But enough talk – let’s listen. Watch the video below to see the Chiron attack a hill and make all sorts of loud, crazy noises.

AAA Study Confirms Synthetic Oil is Better Than the Conventional Stuff

The age old question on every car forum on the Internet: Which oil is best oil? Opinions range to every product of every brand of motor oil, but one thing most gearheads agree on is that synthetic is the way to go. AAA, a more reputable source than turboguy71 on your favorite car forum, just came out with a new study confirming that theory.

It’s understandable why people—especially non-car people—are skeptical of synthetic oil. It’s easy to see it as an upsell for a product with a fancier label and lofty claims about extended life and improved performance. But, synthetic oil is far from just being snake oil. Here’s what the AAA found in their study.

“Oil protects critical engine components from damage and AAA found that synthetic engine oils performed an average of 47 percent better than conventional oils in a variety of industry-standard tests,” said John Nielsen, AAA’s managing director of Automotive Engineering and Repair. “With its superior resistance to deterioration, AAA’s findings indicate that synthetic oil is particularly beneficial to newer vehicles with turbocharged engines and for vehicles that frequently drive in stop-and-go traffic, tow heavy loads or operate in extreme hot or cold conditions.”

With turbocharging becoming more popular all the time in modern cars (see Ford EcoBoost) it makes more sense to use synthetic oil even if you don’t demand peak performance in harsh conditions. Synthetic oil isn’t just for racing or performance cars, it has a lot of benefits in regular, everyday driving.

Finally, it confirms a favorite line of synthetic oil evangelists everywhere - that the extra upfront cost of synthetic can save you money in the long run by being that much better for your engine. Incidentally, I’d like to know where AAA is buying their oil. You can easily get a 5-quart jug of Mobil 1 or Castrol Edge for under $30. In any case, it’s very much worth the extra cost.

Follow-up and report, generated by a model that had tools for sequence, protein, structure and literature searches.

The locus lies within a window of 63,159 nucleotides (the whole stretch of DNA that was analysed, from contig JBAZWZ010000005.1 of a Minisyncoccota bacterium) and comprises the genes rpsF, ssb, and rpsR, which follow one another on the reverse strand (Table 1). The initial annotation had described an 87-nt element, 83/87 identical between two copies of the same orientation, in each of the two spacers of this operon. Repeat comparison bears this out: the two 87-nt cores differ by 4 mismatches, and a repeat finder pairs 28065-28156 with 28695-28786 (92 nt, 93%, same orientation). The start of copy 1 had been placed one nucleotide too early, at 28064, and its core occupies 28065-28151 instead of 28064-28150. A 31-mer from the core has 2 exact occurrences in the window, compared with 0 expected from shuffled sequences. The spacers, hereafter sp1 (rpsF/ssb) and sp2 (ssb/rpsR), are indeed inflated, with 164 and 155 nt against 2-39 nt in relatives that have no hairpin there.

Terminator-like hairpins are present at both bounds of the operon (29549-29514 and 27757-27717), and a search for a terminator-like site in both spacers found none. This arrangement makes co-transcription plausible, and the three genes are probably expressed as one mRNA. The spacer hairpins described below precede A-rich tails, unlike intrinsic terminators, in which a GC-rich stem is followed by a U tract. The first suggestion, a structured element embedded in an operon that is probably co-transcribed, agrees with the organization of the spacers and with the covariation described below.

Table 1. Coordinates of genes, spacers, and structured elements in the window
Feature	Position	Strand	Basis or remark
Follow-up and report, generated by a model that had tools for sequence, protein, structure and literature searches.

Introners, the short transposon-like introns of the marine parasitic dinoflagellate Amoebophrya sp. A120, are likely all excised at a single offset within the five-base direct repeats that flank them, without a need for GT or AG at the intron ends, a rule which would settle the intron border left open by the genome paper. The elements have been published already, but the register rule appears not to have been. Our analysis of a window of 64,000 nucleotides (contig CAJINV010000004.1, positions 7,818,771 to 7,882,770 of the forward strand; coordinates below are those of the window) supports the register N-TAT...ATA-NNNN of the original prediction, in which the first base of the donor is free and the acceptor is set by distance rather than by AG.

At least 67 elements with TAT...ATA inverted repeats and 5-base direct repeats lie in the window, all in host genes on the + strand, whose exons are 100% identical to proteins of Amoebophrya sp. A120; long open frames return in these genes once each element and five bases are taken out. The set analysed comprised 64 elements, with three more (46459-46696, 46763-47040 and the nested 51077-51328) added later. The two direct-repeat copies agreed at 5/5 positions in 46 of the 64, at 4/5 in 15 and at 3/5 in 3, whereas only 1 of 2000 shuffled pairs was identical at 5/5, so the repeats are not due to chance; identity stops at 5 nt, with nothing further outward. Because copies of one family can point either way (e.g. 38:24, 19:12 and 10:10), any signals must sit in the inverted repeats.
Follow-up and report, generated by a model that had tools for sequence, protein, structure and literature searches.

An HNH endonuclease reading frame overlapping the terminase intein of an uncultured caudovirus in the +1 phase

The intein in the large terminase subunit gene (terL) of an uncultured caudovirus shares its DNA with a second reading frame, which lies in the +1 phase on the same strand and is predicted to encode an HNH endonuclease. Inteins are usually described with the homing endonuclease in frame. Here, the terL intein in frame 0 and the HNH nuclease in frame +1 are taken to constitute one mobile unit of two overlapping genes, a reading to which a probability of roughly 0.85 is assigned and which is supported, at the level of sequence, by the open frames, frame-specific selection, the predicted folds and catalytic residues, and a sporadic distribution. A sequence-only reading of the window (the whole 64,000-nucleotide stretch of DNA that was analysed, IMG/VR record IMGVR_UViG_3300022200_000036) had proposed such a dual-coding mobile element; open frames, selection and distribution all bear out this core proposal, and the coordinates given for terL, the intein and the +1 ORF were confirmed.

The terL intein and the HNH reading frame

If you’ve been cheaping out on conventional oil you can certainly keep doing that and it won’t hurt anything as long as you stick to the recommended service intervals. However, if you’ve been thinking about making the synthetic switch for better performance and longer engine life, here’s some nerd stuff like charts, graphs, and extensive data that might convince you to pull the trigger.

Dodge Viper ACR Heading Back to the Nurburgring for a New Record Attempt in July

The Dodge Viper ACR is heading to the Nurburgring in an attempt to nail down a 'Ring record once again.

Over the course of four months, a Gofundme page organized by Russ Oasis has surpassed its goal of raising $159,000 to transport a Viper ACR to the Nurburgring for record-setting purposes. According to the fundraiser page, two Viper ACR Extremes are being provided by ViperExchange. The twin Dodge speed machines will be driven by two drivers, Dominik Farnbacher and Luca Stolz, who are both incredibly familiar with the 12.9-mile Nordschleife; Farnbacher set the Dodge Viper's record the last tim it ran the 'Ring, while Stoltz secured pole position at last year's Blancpain GT Series Endurance Cup behind the wheel of a Lamborghini.

According to the Gofundme account, the $159,000 required funds cover shipping the Vipers, the track time, and other supplies and general expenses that might come up. All of the personnel involved. however, are volunteering simply to be a part of the endeavor.

"Our beloved Viper has set 13 track records in the U.S. Let’s go back to Nurburgring and re-take the ultimate international crown as we sail into the sunset," the Gofundme reads.

In 2011, the Viper ACR nailed the production-car record when Farnbacher managed a 7:12.13-minute lap around the Nordschleife. But if the Viper is to once again shatter the record board, these guys are going to have to go hard; since then, Porsche, Lamborghini, Nio, and McLaren have all moved the goalposts for Nurburgring runs. The current holder of the official production car lap record remains something of a question, as the Nio EP9 and Mclaren P1 LM's street-legality is arguable—but the Viper ACR will need to at least outdo the Lamborghini Huracan Performante's 6:52 lap time.

According to a Facebook post, the lap attempts will happen in July. We can't wait to see what happens.

New Zealand ‘Vigilante’ Crashes Into Car After Catching It Doing Donuts

A New Zealand man was ordered to stop driving by a judge Tuesday after he crashed his vehicle into another car that was doing donuts, according to

Peter James Clement, 40, was in his home one evening when he heard a car screeching its tires outside, according to a police report. The report also said that the car could be seen sliding around a turn near the house, causing the driver of the car to almost lose control. After witnessing this, Clement took off and tried to find the car, according to